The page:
Two young South Surrey-based filmmakers are soon to hit the road in pursuit of the elusive ‘Canadian Identity.’
It’s been a while since the topic – argued extensively in the 1970s – was a hot one.
But that’s one of the reasons Alexandra Caulfield and partner (in film and life) Ryder Thomas White think the time is ripe for a new exploration.
Armed with infectious enthusiasm, the SFU film-program grads are taking a new tack, involving both old-school and new film technologies, for their interactive project, Canadian Framelines.
Travelling and living in a specially-equipped former school bus that they purchased last year, the couple will journey to communities across Canada where they will train participants in basic film-making workshops, before handing them old Super-8mm cameras and a cartridge of film on which to create their own brief visual essays of what it means to be a Canadian.
“Part of the reason behind that is that it’s a very cheap medium,” said Caulfield, who grew up in South Surrey and graduated Semiahmoo Secondary in 2006.
“Another great thing is that it comes in cartridges that are just over three minutes long. A lot of younger people are used to shooting digital without any limits, but with this, everyone has a finite amount of space. You really have to condense your ideas.”
The grainy and gritty results, which Caulfield and White will process on the bus, will be digitized and assembled into what they visualize as a travelling installation.
But there’s another branch of the project that will be high-definition digital documentary footage they will, themselves, shoot of the trip and project participants.
“Potentially, if we get the right type of footage, it could end up being a multi-part documentary,” Caulfield said.
But in true documentary style, she added, they’re going to let events and circumstances help shape the final product, rather than pre-plan every frame.
At the beginning of July, Caulfield and White launched a fundraising campaign for their project on indiegogo.com in which they are soliciting donations from those who want to help their enterprise – ranging from as small as well-wishers can afford to as a high as a generous benefactor wants to go.
With the deadline to raise a projected $30,000 barely a month away, they’re continually adding fundraising options, including a ‘donate-a-thon’ to raise 100 individual donations of $1 in one day, which they’re promoting through Twitter and Facebook.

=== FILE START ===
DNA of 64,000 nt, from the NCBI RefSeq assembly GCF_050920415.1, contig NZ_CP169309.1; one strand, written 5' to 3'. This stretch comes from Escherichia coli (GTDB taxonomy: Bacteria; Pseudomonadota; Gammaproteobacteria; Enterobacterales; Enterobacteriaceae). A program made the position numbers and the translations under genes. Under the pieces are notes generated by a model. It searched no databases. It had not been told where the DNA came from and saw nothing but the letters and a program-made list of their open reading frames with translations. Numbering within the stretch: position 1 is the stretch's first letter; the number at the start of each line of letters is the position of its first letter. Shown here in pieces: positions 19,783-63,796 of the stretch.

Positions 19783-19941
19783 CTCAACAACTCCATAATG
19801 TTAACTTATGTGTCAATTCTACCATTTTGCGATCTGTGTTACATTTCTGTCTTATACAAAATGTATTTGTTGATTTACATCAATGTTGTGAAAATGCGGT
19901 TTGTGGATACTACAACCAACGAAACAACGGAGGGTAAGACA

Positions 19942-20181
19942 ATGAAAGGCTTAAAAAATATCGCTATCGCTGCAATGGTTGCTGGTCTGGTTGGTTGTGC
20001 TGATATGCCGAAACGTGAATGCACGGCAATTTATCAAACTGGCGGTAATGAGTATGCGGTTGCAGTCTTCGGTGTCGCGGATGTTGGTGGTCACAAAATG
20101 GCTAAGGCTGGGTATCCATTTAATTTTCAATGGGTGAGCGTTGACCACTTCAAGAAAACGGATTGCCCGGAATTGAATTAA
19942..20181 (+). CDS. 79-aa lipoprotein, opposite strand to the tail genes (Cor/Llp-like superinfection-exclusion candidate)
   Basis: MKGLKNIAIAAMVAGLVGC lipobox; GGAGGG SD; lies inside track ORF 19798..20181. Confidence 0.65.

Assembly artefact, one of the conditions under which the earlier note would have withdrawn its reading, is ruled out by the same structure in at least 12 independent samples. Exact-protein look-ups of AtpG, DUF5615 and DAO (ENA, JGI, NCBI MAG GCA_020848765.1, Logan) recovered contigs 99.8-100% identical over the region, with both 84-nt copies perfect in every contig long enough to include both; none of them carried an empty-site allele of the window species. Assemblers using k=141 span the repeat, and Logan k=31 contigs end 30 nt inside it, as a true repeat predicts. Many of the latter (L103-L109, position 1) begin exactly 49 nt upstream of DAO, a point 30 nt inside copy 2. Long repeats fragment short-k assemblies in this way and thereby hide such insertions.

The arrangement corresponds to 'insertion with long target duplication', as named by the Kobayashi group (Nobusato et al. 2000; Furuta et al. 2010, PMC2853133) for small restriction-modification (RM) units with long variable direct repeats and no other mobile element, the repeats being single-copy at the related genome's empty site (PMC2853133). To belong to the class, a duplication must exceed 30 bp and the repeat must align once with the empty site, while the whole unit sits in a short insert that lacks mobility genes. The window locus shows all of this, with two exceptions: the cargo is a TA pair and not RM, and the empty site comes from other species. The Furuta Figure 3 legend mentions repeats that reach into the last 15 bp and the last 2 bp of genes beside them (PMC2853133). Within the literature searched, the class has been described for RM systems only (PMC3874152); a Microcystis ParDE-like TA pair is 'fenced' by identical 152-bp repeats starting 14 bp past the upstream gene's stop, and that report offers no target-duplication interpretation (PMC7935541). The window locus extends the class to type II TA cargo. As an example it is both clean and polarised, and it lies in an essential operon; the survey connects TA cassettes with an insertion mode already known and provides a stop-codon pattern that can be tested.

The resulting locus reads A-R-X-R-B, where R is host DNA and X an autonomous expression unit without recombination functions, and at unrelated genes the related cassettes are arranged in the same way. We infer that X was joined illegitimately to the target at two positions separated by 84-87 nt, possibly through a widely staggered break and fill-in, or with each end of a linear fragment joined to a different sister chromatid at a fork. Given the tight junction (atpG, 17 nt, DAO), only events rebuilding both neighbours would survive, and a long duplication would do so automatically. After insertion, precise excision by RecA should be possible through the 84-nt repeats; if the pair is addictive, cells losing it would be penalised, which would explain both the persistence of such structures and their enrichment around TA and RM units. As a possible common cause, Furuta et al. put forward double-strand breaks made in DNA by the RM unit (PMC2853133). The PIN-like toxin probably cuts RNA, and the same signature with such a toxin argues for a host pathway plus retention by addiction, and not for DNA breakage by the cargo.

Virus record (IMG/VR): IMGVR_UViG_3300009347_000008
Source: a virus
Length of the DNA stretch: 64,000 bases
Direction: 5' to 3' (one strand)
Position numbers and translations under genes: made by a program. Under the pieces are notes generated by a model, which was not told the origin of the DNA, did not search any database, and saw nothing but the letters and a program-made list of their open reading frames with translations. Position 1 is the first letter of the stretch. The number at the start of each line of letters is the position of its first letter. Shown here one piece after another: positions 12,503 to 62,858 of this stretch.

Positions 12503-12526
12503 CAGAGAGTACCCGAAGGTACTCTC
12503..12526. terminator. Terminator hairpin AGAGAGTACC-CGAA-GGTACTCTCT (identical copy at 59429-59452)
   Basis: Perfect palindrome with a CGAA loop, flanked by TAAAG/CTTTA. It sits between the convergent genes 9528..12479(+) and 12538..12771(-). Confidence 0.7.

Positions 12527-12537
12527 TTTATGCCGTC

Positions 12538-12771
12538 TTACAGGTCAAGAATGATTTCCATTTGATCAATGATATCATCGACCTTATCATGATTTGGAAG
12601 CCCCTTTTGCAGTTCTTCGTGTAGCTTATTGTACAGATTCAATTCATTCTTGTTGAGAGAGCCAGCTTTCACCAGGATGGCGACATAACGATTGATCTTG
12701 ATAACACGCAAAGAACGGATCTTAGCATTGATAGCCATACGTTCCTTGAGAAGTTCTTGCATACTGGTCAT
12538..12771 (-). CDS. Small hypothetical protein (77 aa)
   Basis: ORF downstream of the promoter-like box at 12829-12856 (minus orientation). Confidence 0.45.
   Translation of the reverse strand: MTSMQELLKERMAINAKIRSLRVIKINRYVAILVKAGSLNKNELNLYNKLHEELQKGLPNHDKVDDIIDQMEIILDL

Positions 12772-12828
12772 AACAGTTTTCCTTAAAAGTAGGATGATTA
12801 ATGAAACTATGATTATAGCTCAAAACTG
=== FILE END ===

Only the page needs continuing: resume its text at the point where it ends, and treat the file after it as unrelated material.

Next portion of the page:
However much they raise, the trip will still be on, Caulfield said.
“We’ll still be doing it, but it will be a whole lot easier to do with some money behind us.”
Ironically, Caulfield said, she never set out to be a filmmaker.
“I was a competitive swimmer as a teenager. I applied to the film program at SFU on a whim – the deal was if I got into a really competitive program I could go to university. It turned out to be one of the best things I ever did.”
Not only did she discover an affinity for film, she also met Ryder, who originally hails from Albuquerque, N.M., and was in the program at the same time.
Canadian Framelines evolved out of extensive discussions between the pair.
“About two years ago we were talking about what we were going to do when we graduated. Ryder told me about his idea of travelling and making films at the same time.”
The couple have not been sitting around waiting for contributions to roll in. They launched the project – in which they’ve already invested $15,000 of their own money – with a well-recieved interactive display on Granville Island on Canada Day, and they have been busy shooting interviews on what it means to be a Canadian, as well as updates on the progress of their project for the website.
They’ll also be promoting it during the Spirit of the Sea Festival in White Rock on Aug. 4 and 5, with presentations geared both to adults and children.
First stop on the trip will be Vancouver Island, Caulfield said – her brother played hockey in Sooke when he was a teenager and they still have connections there.
Their plan is to reach out to different city councils to establish various communities’ interest in the project and, ultimately, help determine the itinerary for the trip.
“It would be really nice to have an invite so that we’re going where we’re wanted,” Caulfield said, “ so we don’t have to spend the first week running around saying ‘we’re here.’”
But there’s an appealing element of the unknown to the project, Caulfield admits.
“I really feel excited about it – every day I think, is this really happening?”
To help Canadian Framelines get on the road, go online.